profitability , lag -profitability , firm age , that closely-held firms prefer less independent boards.
industry , year ) (3b) Column 2 of Table 5 presents the random effects logit esti-
mation of ownership concentration and audit committee
To test Hypotheses 4a and 4b, a dummy variable Div-Dum is independence. It shows that the coefficient on AC-Ind is
included in Equation 3b. Div-Dum equals one if firms have negative, but not significant at the conventional level.
low dividend payouts (i.e., dividend payout ratio is below The results therefore provide support for H1a, but not
sample average) and zero otherwise. The interaction variable for H1b. The possible explanation for the board indepen-
between Div-Dum and Board-Ind or AC-Ind is also incorpo- dence result is that controlling shareholders in closely-held
rated. Closely-held and its interaction variables are removed firms tend to avoid independent directors who can limit
from Equation 3b. their opportunistic behavior (Anderson & Reeb, 2004).
Finally, to test Hypotheses 5a and 5b, a three way Alternatively, blockholders and independent directors may
interaction variable: closely-held * Div-Dum * Board-Ind or be substitute mechanisms in controlling agency problems
closely-held * Div-Dum * AC-Ind is included in Equation 3b, (Easterbrook, 1984; Jensen & Meckling, 1976). Therefore
replacing closely-held * Board-Ind or closely-held * AC-Ind. this research further examines the relationship between

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GOVERNANCE MECHANISMS AND FIRM VALUE 701

TABLE 2
Descriptive Statistics

Variable Mean Median Std. Dev. Min. Max.

Board Structure
% of independent directors .43 .42 .24 0 1
% of independent audit .58 – – – –
committeea
Number of directors 6.08 6.00 2.10 3 15
Ownership Structure
% closely-held firmsa .54 – – – –
% of substantial holdings .44 .44 .23 0 1
Dividend Policy
Dividend-to-Earnings .47 .48 .46 0 5.41
Firm Characteristics
Total debt/Assets .22 .22 .17 0 1.448
Total assets 1.15 (A$ billion) 1.12 (A$ billion) 3.59 (A$ billion) .90 (A$ billion) 5.52 (A$ billion)
% of CEO chairmana .15 – – – –
Firm age 34.02 21.00 28.24 3 168
Free cash flow/Assets .03 .02 .15 -1.00 1.10
Capital expenditure/Assets .06 .03 .07 0 .58
Lag (Profitability) .03 .03 .13 -2.11 .75
Growth opportunity .44 .41 1.10 -.86 8.60
Number of observations 1,530 1,530 1,530 1,530 1,530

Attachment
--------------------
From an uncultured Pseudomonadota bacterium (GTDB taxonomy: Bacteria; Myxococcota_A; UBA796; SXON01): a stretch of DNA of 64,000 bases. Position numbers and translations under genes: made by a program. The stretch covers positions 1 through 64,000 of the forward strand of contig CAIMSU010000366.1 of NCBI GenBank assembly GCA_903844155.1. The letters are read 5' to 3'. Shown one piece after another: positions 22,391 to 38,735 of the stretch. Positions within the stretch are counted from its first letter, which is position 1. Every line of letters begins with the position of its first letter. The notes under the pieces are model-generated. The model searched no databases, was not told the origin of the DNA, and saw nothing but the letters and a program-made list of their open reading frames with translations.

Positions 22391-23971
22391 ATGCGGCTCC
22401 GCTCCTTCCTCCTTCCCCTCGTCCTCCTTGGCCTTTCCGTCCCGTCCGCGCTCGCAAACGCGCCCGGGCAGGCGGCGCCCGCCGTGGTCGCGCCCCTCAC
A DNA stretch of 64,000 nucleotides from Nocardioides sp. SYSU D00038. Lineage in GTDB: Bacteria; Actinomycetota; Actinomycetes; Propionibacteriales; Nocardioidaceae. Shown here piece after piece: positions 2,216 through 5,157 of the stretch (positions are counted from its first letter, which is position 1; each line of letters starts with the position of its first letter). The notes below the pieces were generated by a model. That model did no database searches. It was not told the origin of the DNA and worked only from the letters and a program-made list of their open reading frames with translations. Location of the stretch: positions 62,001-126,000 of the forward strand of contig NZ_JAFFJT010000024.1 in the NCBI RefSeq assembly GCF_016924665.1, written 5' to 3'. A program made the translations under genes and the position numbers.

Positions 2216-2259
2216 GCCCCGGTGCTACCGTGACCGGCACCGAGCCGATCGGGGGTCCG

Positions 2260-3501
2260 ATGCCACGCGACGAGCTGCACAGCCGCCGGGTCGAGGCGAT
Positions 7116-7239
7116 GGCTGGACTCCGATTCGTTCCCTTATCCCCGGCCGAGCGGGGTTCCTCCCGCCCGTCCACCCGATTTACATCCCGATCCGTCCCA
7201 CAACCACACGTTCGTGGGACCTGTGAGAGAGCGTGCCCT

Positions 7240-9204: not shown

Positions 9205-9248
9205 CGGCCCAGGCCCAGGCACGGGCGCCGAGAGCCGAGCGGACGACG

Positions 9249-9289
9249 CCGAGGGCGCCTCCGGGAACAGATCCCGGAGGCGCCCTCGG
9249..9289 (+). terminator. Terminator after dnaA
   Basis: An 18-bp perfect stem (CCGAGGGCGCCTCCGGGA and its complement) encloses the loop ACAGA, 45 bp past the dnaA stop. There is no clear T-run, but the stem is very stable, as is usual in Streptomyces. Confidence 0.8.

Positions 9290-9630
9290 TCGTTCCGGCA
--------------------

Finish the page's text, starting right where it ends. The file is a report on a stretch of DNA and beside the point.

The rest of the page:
a
This indicates proportion of firms, rather than the mean proportion for associated variable.

TABLE 3
Univariate Tests

Variable Closely-held firms Widely-held firms t-statistic

Dividends/earnings .42 .52 2.89***


% of independent directors .34 .53 15.03***
% of independent audit committeea .49 .69 7.95***
Number of directors 5.86 6.34 4.39***
% of substantial holdings .58 .27 33.95***
Total debt/Assets .22 .23 1.25
Total assets (A$ billion) .62 1.78 6.35***
% of CEO chairman* .20 .09 5.69***
Firm age 3.19 3.23 .97
Free cash flow/Assets .03 .02 .38
Capital expenditure/Assets .05 .07 5.81***
Lag (Profitability) .03 .04 1.75*
Growth opportunity .40 .49 1.73*
Sample size 840 690
a
This indicates proportion of firms, rather than the mean proportion for associated variable.
***p < .001, **p < .01, *p < .05.

ownership concentration and firm value (Tobin’s Q). Spe- found that closely-held firms significantly underperform
cifically, Equation 2b, which incorporates the closely-held widely-held firms, and hence providing support for the
variable, is estimated using random effects regression. expropriation argument. In addition, board independence
While the result is not presented to preserve space, it is is found to be positively associated with firm size and

© 2009 Blackwell Publishing Ltd Volume 17 Number 6 November 2009


702

Volume 17
Number 6
TABLE 4
Correlations

Tobin’s Board- AC-Ind Closely- Div- Dividend Debt Firm CEO Firm Free Profit- Lag Growth
Q Ind held Dum size Age cash ability (Profit- Opp.
flow ability)

November 2009
Tobin’s Q
Board-Ind .21***
AC-Ind .20*** .76***
Closely-held -.19*** -.36*** -.27***
Div-Dum .22*** -.33*** .34*** -.09***
Dividend .14*** .29*** .27*** -.10*** .62**
Debt -.01 .08** .02 -.03 -.01 -.00
Firm size .19*** .46*** .40*** -.27*** .39*** -.29*** .25***
CEO -.10*** -.20*** -.23*** .14*** -.04 -.05* -.02 -.15***
Firm age -.04** .15*** .16*** .02 .17*** .11*** -.04 .22*** -.07**
Free cash flow .04 .04* .03 -.00 .09*** .06* -.08** .07*** -.18 .06*
Profitability .34*** .04* .04 -.03 .17*** .04* -.20** .02 .03 .01 .19***
Lag(Profitability) .19*** .08*** .07** -.04 .27*** .17*** -.07* .10*** -.00*** .05*** .09*** .26
Growth Opp. .03 -.06** -.05* -.04 -.11*** -.10*** -.06* -.08** -.07*** -.15*** -.00 -.06** -.06**
Investment .19*** .03 .03 -.14*** -.07*** -.10*** -.07* .02 -.02 -.05* .07 .10*** .10*** .03

Notes: This table reports Pearson correlation coefficients for all variables in the regression models.
***p < .001, **p < .01, *p < .05.
CORPORATE GOVERNANCE

© 2009 Blackwell Publishing Ltd


GOVERNANCE MECHANISMS AND FIRM VALUE 703

TABLE 5
Random Effects Estimations of Board Independence, Audit Committee Independence, and Ownership Concentration

Variable Dependent variable: Board-Ind t-statistic Dependent variable: AC-Ind t-statistic

Closely-held -.05*** -4.26 -.57 -1.26


Dividend .03*** 4.02 1.48** 2.45
Debt -.01 -.35 .05 .01
Firm size .04*** 8.32 6.92*** 8.33
CEO -.06*** -3.45 -.39 -.69
Firm age .01 .78 .15 .48
Free cash flow .00 .31 .34 .26
Lag (Profitability) .03 1.36 -.55 -.41
Growth opportunity -.00 -.67 -.45* -1.92
Constant -.34*** -3.54 -127.63*** -8.44
Industry dummy Included Included
Year dummy Included Included
Adjusted R2 .30
Wald Chi-Square 80.54

Notes: This table reports results of (1) random effects regressions of the relationship between board independence and ownership